For Release: 4 pm ET, July 14, 2003
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Message to pediatricians: advise parents to limit access to movies to reduce chances of teen smoking
HANOVER, NH - Building on their published data on the connections between adolescent smoking and watching movies, Dartmouth researchers advise pediatricians to urge parents to monitor their teens' access to movies and abide by the ratings guidelines sponsored by the Motion Picture Association of America and the National Association of Theatre Owners.
The study by researchers from Dartmouth Medical School, Dartmouth College and the Norris Cotton Cancer Center at Dartmouth-Hitchcock Medical Center, appears in the July issue of Archives of Pediatric and Adolescent Medicine. The research was supported by the National Cancer Institute.
"We want pediatricians to talk with parents of adolescents about how movies can influence their young teenagers," says Dr. James Sargent, a pediatrician with the Norris Cotton Cancer Center and a professor at Dartmouth Medical School. "Parents need to know that if they can reduce their child's exposure to smoking in movies, it may have a profound impact on reducing their chances of starting to smoke and drink."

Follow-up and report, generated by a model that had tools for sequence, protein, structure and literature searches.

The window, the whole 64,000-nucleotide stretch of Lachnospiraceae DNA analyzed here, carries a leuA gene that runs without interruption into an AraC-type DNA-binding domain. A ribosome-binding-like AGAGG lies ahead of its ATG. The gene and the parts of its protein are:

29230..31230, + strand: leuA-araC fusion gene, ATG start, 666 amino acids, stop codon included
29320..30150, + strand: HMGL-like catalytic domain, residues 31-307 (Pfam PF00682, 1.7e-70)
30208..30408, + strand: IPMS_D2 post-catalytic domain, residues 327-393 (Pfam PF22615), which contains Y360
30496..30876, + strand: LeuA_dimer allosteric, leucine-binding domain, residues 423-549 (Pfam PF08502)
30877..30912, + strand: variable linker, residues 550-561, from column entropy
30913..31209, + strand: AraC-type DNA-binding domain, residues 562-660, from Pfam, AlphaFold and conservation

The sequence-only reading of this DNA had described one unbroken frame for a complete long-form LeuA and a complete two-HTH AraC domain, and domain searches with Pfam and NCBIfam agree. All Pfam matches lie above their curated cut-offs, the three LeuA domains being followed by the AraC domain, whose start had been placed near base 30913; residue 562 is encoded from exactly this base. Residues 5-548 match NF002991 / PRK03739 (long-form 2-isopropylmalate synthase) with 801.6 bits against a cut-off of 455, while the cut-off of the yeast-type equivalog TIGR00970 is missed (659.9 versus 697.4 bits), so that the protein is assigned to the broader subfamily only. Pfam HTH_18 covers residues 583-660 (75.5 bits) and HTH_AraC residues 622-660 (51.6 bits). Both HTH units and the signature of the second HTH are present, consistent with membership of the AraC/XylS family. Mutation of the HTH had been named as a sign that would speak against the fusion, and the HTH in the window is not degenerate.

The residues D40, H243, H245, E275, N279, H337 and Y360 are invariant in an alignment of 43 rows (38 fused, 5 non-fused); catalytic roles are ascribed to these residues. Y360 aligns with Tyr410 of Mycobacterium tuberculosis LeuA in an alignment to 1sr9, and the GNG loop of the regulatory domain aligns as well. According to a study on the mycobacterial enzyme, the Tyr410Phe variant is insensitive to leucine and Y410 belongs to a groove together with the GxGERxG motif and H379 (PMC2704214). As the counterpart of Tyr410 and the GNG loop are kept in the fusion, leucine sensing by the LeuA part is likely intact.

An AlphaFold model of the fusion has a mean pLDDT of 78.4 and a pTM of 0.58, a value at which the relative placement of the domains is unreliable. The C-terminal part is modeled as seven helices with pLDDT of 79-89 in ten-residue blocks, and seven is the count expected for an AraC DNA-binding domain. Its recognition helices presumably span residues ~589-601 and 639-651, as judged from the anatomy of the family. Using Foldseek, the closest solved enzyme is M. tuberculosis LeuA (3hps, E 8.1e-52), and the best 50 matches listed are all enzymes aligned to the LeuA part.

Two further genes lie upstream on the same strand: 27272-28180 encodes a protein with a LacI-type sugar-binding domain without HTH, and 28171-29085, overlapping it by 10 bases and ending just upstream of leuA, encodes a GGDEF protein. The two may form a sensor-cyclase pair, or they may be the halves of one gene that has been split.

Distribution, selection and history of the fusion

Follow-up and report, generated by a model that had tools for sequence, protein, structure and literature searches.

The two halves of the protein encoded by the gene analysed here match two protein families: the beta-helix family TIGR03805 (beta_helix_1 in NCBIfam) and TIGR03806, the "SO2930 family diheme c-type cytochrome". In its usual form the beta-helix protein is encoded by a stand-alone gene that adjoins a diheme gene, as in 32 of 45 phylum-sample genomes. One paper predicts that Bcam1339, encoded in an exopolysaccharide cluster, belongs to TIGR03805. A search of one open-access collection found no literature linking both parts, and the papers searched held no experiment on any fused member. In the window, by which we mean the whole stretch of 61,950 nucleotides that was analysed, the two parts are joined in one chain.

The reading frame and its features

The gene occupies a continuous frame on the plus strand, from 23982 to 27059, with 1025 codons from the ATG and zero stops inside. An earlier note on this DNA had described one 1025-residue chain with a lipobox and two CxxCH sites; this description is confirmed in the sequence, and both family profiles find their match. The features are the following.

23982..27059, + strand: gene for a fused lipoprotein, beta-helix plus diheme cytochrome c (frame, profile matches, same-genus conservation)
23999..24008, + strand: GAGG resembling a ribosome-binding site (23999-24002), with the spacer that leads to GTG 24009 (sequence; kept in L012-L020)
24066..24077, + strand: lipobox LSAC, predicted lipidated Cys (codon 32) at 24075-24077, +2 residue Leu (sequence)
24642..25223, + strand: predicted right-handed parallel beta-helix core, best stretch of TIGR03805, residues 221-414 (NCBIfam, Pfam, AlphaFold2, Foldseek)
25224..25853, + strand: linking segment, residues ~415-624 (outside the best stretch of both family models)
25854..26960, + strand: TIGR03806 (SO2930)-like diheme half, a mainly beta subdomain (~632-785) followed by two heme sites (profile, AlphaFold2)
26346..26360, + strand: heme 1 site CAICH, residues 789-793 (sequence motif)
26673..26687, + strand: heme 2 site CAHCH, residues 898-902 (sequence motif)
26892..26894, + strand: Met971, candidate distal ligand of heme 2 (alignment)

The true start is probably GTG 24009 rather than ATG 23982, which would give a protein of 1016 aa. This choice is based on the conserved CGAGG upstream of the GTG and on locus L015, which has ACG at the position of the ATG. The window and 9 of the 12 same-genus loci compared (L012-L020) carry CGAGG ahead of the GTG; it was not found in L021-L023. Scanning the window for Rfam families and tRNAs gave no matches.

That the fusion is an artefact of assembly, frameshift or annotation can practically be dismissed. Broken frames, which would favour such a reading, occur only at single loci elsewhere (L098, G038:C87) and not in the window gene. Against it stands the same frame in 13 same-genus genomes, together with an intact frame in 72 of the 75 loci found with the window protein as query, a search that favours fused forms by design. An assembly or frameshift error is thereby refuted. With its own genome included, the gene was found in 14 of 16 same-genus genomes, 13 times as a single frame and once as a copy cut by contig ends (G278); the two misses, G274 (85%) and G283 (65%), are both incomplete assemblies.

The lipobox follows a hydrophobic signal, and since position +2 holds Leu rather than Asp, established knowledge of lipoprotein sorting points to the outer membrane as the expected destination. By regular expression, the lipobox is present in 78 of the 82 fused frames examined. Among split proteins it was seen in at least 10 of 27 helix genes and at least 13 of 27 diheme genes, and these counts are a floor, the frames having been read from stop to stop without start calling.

Sargent's team studies adolescent behavior and how it's linked to exposure to movies. They have published numerous papers and articles, which this most current study cites. According to this body of research, adolescents see thousands of depictions of smoking by movie stars, and these images influence their attitude and behavior.
Now, Sargent and his colleagues urge pediatricians to use the published data (see "Related Findings" below) to offer specific advice to parents on how to limit access to movies, such as reducing subscriptions to movie channels, limiting videos to one per week, and restricting access to R-rated movies.
They conclude that, "Such parenting measures could reduce rates of adolescent smoking without directly addressing the behavior."
In January 2001, this research team reported that actor endorsement of cigarette brands in movies was increasing. In March 2001, the team released findings that adolescents whose favorite movie stars smoke on-screen are more likely to be smokers themselves. In December 2001, they published a paper stating that children are less likely to smoke if their parents disapprove. In another article, published in December 2001, the researchers revealed that as adolescents see more smoking in movies, the adolescents are more likely to be enticed to try smoking. A paper in early 2002 stated that children who are not restricted from watching R-rated movies are three times more likely to smoke or drink alcohol compared to those who are never allowed to watch them. Another study, published in December 2002, found that a surprising number of young teenagers are watching extremely violent movies. In a study published in June 2003, the researchers found that viewing smoking in movies predicts whether adolescents will start smoking. That study can be found at http://geiselmed.dartmouth.edu/news/2003_h1/10jun2003_smoking.shtml